Josh Rosen is nothing if not honest. The UCLA quarterback rarely shies away from voicing his opinion, and this week was no different.

Rosen spoke out against amateurism, saying that “human beings don’t belong in school with our schedules.” He went on to say that “football and school don’t go together” and that “trying to do both is like trying to do two full-time jobs,” adding that certain student-athletes have no business being in college but attend because it’s a viable path to the NFL.

Is Rosen right?

“I think the most important thing about his comments is you have to read the whole article,” former UCLA offensive lineman and current CBS college football analyst Randy Cross said on CBS Sports Radio’s Reiter Than You. “If you read the whole article, the context in which he’s saying it makes a lot of sense – because he’s 100 percent right.”



Rosen also took a shot at Alabama, saying, “Raise the SAT requirement at Alabama and see what kind of team they have.”

Cross didn’t mind that, either.

“If you don’t think there’s a difference in the basic class load at Clemson and a class load you can select at UCLA or a Stanford or an SC or any place like that,” he said, “I think you’re kidding yourself.”

Rosen, who is entering his junior season, is one of the top quarterbacks in America. He’s also never been bashful about voicing his opinion.

“He tends to be a little too honest at times,” Cross said. “I think if Jim Mora has one problem with him on occasion, he’s kind of a TMI King because he will just keep on going. But the very thing that makes him a little bit of a lightning rod when it comes to that is also something that makes him a pretty good leader.”

If anything, speaking out against amateurism – and Alabama – will only give Rosen more credibility in the huddle.

“I think so,” Cross said. “(His teammates) know him as well – if not better – than anybody else, certainly anybody that’s writing an article about him. He comes from a fairly affluent background, so I don’t think he’s going to have to worry much if and when his football career is over, but he’s not atypical when it comes to that. The way he is kind of makes him more and more interesting.”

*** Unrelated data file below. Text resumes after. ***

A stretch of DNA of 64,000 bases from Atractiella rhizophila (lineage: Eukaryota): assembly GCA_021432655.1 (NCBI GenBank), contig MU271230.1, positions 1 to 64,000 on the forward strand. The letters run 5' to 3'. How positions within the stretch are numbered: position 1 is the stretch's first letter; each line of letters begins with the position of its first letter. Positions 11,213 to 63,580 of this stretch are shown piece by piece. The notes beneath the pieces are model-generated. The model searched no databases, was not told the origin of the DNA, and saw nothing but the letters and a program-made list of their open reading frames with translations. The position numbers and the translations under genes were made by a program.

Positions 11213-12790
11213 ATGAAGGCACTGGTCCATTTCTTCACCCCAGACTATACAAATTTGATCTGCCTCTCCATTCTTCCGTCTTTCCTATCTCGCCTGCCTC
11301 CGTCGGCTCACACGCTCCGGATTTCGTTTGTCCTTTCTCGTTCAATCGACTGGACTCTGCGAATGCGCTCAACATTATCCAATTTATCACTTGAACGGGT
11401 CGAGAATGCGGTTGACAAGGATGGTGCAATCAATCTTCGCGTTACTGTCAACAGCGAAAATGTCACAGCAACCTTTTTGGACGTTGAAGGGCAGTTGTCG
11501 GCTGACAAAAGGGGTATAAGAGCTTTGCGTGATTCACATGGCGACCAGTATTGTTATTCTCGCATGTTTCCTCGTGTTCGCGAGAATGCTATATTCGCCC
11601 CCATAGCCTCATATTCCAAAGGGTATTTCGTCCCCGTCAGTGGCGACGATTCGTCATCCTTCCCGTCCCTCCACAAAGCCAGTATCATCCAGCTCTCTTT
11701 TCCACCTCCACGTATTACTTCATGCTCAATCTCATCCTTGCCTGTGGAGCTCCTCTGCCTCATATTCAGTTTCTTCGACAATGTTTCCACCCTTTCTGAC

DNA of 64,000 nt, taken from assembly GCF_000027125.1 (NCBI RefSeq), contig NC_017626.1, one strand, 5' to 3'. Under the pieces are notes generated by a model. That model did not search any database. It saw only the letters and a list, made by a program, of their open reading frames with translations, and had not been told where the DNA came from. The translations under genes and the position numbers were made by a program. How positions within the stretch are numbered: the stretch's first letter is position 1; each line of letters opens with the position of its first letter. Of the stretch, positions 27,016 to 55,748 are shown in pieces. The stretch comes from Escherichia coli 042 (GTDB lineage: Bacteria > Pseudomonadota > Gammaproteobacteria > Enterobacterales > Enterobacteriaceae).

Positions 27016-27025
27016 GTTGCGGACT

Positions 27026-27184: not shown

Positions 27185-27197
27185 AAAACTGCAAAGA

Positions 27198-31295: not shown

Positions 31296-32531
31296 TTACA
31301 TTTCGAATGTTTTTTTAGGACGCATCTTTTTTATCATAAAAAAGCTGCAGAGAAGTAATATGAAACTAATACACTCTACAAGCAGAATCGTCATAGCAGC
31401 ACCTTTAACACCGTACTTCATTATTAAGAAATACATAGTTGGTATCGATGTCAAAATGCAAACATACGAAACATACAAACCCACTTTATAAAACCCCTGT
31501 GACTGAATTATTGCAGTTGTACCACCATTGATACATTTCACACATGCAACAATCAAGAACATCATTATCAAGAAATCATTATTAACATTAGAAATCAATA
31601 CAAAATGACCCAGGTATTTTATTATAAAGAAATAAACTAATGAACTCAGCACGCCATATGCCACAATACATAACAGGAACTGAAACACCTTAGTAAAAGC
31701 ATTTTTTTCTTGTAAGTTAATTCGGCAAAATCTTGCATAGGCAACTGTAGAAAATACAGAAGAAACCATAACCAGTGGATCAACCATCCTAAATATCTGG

Rosen has thrown for 5,585 yards and 33 touchdowns at UCLA. He had plenty of highlights as a freshman, throwing for 3,670 yards and 23 touchdowns, but he was hit early and often that season. Cross called him a “powder-blue piñata.”

And yet, Rosen didn’t call out his teammates.

“He was just getting destroyed,” Cross said, “but you didn’t hear him screaming and yelling and going crazy about that. It’s something that I got to say I was a little surprised (by) initially, that he wasn’t going crazy. But we’ll see. I think the Bruins have got potential for a double-digit-win year.”

UCLA, which went 4-8 last season, opens against Texas A&M in Pasadena on Sept. 3. Kickoff is at 7:30 p.m. ET.

“But let’s be honest,” Cross said, getting back to the original point. “School is an individual-type emphasis. No matter if you’re going to Alabama or UCLA or Wake Forest or Vandy or Princeton or whatever – if you’re playing a sport, there’s a reason there are headhunters and groups out there that want to find NCAA student-athletes that did well in school. Because they know they know how to budget their time. They know how to do a lot of things that I think the average student doesn’t have to do in college because they’re not trying to also juggle all that time devoted to a sport.”

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